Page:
Suppliers think about profits. Buyers think about value. What would happen if the buyer became the supplier? They would still think about value. The value they would think about starts, progresses and ends with the experience.
Is technological connectivity the next evolutionary step to creating more value in human experience? We created computers to process more information, and now we’re connecting through those computers and the Internet cloud as a way of expanding and sharing our experience with people, brands and things.
Companies need to re-orient the customer experience around what customers’ value, the touchpoints they use to create value and how the customer can benefit from co-creating more value together with companies. Doing this opens up new opportunities to create new revenues long after the point of sale.
Advertising people, who obsess about their Brands, talk about the customer experience in terms of creating a branded experience. And internet people, who obsess about ecommerce, talk about value in terms of creating a better on-line experience. And marketing people, who obsess about experiences, talk about value in terms of more efficient and effective, sales and service.
These views are all inside-out rather than outside in. They are only about companies, their consultants and the vendors who service them both. They are NOT about customers. They all pay lip-service to customers, but the customer is not at the heart of their thinking, let alone their doing. They are at best a target, at worst, just an afterthought. It is a lot like waiting on-hold in a customer service queue and hearing a sugary voice intone on the telephone, “your business is important to us”. Sure it is, but not enough to staff the call centre with sufficient people to answer my call in a reasonable time and even then once the customer talks to a real person that person has no real answers.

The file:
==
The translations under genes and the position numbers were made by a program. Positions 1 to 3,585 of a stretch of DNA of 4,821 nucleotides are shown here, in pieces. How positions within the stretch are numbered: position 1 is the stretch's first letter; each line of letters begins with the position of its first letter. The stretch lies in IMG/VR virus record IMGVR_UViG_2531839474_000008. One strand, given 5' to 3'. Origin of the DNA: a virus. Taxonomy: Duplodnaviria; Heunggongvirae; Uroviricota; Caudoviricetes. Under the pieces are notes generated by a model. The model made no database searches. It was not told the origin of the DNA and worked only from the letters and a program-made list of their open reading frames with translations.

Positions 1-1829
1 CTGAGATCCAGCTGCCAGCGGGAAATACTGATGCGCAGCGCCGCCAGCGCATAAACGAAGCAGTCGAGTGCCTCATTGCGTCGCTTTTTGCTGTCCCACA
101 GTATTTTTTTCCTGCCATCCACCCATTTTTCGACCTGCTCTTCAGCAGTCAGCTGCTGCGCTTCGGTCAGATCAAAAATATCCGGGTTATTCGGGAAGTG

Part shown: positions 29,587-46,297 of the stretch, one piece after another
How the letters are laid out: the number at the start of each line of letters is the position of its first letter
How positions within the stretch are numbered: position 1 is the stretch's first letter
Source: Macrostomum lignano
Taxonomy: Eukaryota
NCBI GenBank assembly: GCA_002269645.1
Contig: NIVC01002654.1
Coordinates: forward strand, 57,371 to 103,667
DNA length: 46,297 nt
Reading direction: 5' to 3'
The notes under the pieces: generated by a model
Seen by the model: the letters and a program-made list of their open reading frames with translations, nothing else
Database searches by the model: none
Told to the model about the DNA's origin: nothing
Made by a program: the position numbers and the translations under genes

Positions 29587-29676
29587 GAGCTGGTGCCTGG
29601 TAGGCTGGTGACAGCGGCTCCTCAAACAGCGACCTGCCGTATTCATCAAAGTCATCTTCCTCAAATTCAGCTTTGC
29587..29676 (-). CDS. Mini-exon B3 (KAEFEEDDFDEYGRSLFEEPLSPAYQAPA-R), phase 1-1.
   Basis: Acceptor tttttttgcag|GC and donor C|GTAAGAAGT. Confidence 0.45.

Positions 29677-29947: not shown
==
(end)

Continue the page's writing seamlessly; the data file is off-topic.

The Difference Is In Our Experience, Not Yours
Social media has become the megaphone of experiences. Consumers representing every market segment of products imaginable are expressing their experiences with most everything and everyone. Marketing and advertising initiatives are no longer effective when created from the suppliers perspective of what the customer values. Only the customer can tell you what they consider value and unless you are listening then you will most likely create the wrong experience. It is the customers experience that matters the most not yours.
What a consumer might find if they were searching for shared experiences about an organization or particular brand reflects what other customers say their experience was. No slick advertisement or marketing campaign will change the customers experience. Attention is no longer the primary goal, an outstanding experience is.